Can I patent an idea or concept before actually producing a prototype? 11 Answers as of August 24, 2012

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Yang & Wang, P.C.
Yang & Wang, P.C. | Tommy Wang
Hi there, Yes.
Answer Applies to: California
Replied: 8/24/2012
DANIEL NESBITT | Hasse & Nesbitt
Yes. However, the patent description must be complete and enable a person of ordinary skill to make and use the invention you claim, and should make clear that you had possession of the details of the invention.
Answer Applies to: Ohio
Replied: 8/24/2012
Webb IP Law Group
Webb IP Law Group | Jason P Webb
Yes, you can patent an idea before actually producing a prototype and people do it all the time.
Answer Applies to: Utah
Replied: 8/24/2012
Law Office of Kirk Buhler
Law Office of Kirk Buhler | Kirk A Buhler
Yes, the patent office does not require a working sample. We have filed and issued patents before the inventor has made a working version of the idea or concept.
Answer Applies to: California
Replied: 8/24/2012
HELMHOLDT LAW PLC | Thomas D. Helmholdt
You do not have to actual produce a prototype before filing a patent application, but you do have to be able to describe the invention in sufficient detail to enable someone skilled in the art to make and use the invention.
Answer Applies to: Michigan
Replied: 8/24/2012
    Barton Barton & Plotkin
    Barton Barton & Plotkin | Maurice Ross
    Patents do not protect mere ideas or concepts. You can file a patent for a "prophetic" invention without making a prototype, but it must have sufficient information to satisfy the basic requirements of patentability, including novelty, non-obviousness, written description, utility and enablement.

    Enablement is the biggest problem with "prophetic" inventions because a patent must provide sufficient details and information to permit someone of ordinary skill in the art to successfully carry out the invention.

    This ordinarily means that a patent must contain examples from experiments that prove that the invention works-an invention must be operative (meaning it must work) to be enabled.

    Lots of people have thought about time travel machines, but you can't get a patent on it because no one has shown how to make it work.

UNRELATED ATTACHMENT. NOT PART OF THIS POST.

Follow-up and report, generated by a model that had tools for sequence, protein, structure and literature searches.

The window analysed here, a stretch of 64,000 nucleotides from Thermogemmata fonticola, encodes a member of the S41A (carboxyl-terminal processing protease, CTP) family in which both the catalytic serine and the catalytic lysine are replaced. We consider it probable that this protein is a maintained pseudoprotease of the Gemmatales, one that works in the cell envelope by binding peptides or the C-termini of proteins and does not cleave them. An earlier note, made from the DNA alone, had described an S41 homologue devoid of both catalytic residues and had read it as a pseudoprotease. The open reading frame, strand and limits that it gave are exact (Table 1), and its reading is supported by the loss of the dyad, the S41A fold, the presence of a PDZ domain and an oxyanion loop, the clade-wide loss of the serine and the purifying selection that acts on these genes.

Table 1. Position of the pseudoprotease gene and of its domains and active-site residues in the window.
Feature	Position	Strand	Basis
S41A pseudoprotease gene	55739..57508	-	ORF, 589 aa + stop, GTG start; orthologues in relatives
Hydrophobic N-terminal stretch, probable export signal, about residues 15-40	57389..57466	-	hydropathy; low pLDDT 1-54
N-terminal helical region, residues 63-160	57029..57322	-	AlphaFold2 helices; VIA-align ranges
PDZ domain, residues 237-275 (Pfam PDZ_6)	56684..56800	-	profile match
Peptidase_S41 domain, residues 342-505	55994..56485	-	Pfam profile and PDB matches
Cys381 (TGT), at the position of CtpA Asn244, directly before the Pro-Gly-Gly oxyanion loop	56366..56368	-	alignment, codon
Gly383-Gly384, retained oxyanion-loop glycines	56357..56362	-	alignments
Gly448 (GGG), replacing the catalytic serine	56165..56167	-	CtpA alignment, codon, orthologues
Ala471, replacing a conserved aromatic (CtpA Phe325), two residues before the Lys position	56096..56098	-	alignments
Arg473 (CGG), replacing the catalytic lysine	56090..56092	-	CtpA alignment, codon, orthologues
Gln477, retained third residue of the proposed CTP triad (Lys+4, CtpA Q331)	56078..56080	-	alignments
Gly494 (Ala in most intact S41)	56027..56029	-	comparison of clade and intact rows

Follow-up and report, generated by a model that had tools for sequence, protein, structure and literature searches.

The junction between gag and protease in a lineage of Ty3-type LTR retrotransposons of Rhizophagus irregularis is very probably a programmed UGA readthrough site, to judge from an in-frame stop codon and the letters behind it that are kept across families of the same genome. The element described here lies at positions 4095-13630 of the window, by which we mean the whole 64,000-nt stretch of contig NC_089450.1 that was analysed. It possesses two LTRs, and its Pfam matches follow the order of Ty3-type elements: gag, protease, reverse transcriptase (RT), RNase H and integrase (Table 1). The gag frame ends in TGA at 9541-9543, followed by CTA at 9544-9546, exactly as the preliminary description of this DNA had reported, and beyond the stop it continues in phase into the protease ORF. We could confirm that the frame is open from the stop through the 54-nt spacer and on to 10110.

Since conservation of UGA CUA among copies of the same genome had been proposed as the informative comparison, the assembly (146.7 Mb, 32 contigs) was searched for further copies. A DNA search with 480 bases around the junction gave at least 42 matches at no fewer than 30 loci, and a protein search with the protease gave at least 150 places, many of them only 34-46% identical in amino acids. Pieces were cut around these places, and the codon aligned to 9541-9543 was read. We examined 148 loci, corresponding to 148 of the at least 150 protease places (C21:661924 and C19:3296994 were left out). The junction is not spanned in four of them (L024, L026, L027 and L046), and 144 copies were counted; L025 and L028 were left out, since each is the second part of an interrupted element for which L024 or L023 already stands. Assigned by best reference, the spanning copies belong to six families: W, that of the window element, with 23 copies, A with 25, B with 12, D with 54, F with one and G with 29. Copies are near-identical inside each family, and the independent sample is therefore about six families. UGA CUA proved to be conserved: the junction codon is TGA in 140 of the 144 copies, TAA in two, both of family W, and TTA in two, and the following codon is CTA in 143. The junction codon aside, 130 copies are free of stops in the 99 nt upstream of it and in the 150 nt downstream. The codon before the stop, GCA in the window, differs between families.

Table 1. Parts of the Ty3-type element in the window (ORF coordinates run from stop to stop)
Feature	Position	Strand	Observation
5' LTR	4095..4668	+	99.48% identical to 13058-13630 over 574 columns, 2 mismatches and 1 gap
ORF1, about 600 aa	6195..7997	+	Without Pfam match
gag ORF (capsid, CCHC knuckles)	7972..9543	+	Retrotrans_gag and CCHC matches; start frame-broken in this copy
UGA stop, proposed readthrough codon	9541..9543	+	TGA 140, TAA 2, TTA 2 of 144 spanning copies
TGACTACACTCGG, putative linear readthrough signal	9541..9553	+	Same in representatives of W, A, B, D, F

Unless a prototype is built and tested, it may be difficult for the patent applicant to meet the burden of showing that the invention is enabled and operative (i.e., that it works)., and to explain in sufficient detail and precision how it works.

    Nonetheless, it is not impossible to obtain a patent for a prophetic invention.

    But one thing is certain, you can't do this without legal counsel, and getting a patent that is actually worth something is not cheap.

    Companies often spend $50,000 or more to get a single patentbe careful of those who offer you a flat fee for a patent application of a few thousand dollars-as the saying goes, you get what you pay for. Good luck.
    Answer Applies to: New York
    Replied: 8/24/2012
    Ochoa and Associates
    Ochoa and Associates | Susan Ochoa Spiering
    Yes, you can file for a patent application when you have the idea reduced in your mind as to how it will work.

    The law of "best mode" requires you disclose the best mode or method of making the invention.

    Examples or prototypes are not required. However, it is getting more difficult to pass muster through the patent office without examples, or quanatiative or comparative data.
    Answer Applies to: Texas
    Replied: 8/24/2012
    Shimokaji & Associates
    Shimokaji & Associates | Michael Shimokaji
    Yes, but the idea needs to be at least developed to the extent that another person can make and use the idea.
    Answer Applies to: California
    Replied: 8/24/2012
    Tran & Associates | Bao Tran
    Absolutely. You just need detailed drawings and descriptive text. I recommend buying ProvisionalBuilder software from a company called PowerPatent. It's great for DIY to save money.
    Answer Applies to: California
    Replied: 8/24/2012
    The Olmsted Law Group PLLC
    The Olmsted Law Group PLLC | Andrew Olmsted
    Yes and I highly recommend doing so. Please feel free to contact my firm for a free consultation as to why.
    Answer Applies to: Washington
    Replied: 8/24/2012
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